“I think they had a very good understanding and respect that we're working already, have families, careers, and that it's really, really hard,” she says. “They did everything they could to make sure you're successful.”
Smith says she was also able to connect with others in her cohort to build a lasting professional network.
"It's a little different when you're doing grad school online, because you're not physically hanging out with these people in class, but the way that they would do assignments with discussion boards and giving feedback on other people's work helped with that,” Smith says. "There are people that I will have connections with for the rest of my career because of school.”
From RN to NP
Smith is now on her way to becoming licensed as a Family Nurse Practitioner, but the transition from RN is more than a certification.
The knowledge Smith gained through the MSN program, she says, has changed her approach to patient care and underscored the importance of evidence-based practice.
"In every course, you are constantly brought back to, ‘this is why you do this,’ and it's evidence-based with the research to back it up, and how you determine whether something is quality research. That was a huge difference and a huge growth opportunity,” says Smith. “You're also learning way more about the pharmacology and pathophysiology of things. In general, the knowledge is vast and more detailed so that you can practice with an NP.”
Being able to recognize and synthesize quality research provided the foundation for Smith to design a COVID-19 testing program for 4,000-5,000 kids and staff attending summer camp in 2020.
“Parents were trying to find a safe way for kids to attend summer camps because they understood the benefits. It's so good for kids, and so that was a big thing,” says Smith.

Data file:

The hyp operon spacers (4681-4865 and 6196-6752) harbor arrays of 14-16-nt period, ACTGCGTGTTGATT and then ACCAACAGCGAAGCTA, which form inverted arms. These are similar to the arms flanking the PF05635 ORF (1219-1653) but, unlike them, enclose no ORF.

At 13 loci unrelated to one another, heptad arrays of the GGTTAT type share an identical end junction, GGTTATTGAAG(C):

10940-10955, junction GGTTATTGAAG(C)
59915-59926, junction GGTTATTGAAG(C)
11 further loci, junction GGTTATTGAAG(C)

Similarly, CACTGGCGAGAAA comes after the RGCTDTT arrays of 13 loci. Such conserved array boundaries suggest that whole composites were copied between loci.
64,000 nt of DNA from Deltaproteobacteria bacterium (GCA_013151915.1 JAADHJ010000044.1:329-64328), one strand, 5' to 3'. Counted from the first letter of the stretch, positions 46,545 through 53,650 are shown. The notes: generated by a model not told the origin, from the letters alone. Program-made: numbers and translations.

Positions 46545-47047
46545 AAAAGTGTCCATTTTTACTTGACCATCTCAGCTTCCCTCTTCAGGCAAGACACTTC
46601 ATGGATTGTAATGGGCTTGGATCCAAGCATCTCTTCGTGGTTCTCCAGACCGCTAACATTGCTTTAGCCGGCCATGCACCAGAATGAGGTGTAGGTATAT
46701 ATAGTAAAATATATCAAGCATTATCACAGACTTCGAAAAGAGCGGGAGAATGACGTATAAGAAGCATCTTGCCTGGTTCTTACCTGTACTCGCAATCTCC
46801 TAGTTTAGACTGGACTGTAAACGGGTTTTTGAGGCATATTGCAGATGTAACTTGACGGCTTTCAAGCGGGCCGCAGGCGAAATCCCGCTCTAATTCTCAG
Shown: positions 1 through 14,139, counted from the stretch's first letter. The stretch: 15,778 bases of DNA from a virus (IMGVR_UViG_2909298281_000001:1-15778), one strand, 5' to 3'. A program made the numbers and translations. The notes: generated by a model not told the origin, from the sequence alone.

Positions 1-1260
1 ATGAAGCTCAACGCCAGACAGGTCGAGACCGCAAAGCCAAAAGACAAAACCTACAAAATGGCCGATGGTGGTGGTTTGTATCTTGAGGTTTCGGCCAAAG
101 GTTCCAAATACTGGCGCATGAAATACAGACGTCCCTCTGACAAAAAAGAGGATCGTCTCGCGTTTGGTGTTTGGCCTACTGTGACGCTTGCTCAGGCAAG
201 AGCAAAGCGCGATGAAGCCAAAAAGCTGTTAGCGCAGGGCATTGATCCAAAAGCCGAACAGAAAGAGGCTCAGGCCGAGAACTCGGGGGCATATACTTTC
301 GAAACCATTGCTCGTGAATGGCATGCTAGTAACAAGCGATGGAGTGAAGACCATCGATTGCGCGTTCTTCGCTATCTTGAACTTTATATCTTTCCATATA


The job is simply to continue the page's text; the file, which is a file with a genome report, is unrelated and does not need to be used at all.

It was also among the components of Smith’s nomination and ultimate selection as overall Outstanding Master’s Graduate. Criteria for the recognition include leadership, scholarship, service and research.
Smith also served as student representative for the Louisiana Association of Nurse Practitioners and has been a member of LANP’s health policy committee, helping to advocate for state legislation to improve access to health care services.
“I was very honored and very humbled,” says Smith. “It was a very proud moment. As a wife and a mom, it felt good to receive that so my husband and kids could celebrate that success through graduate school.”
As Smith prepares for her next steps, she’s doing so with ample evidence that she’s capable of hard and incredible things.
The UL Lafayette MSN program is ranked No. 10 in the country by U.S. News and World Report, and the college was among 17 nationwide in 2020 designated as a National League for Nursing Center of Excellence in Nursing Education. This year, the University was classified as a Carnegie R1 institution for research.
Prepare to deliver exceptional care as a Family Nurse Practitioner or Psychiatric Mental Health Nurse Practitioner through an exceptional MSN degree program. Request more information today.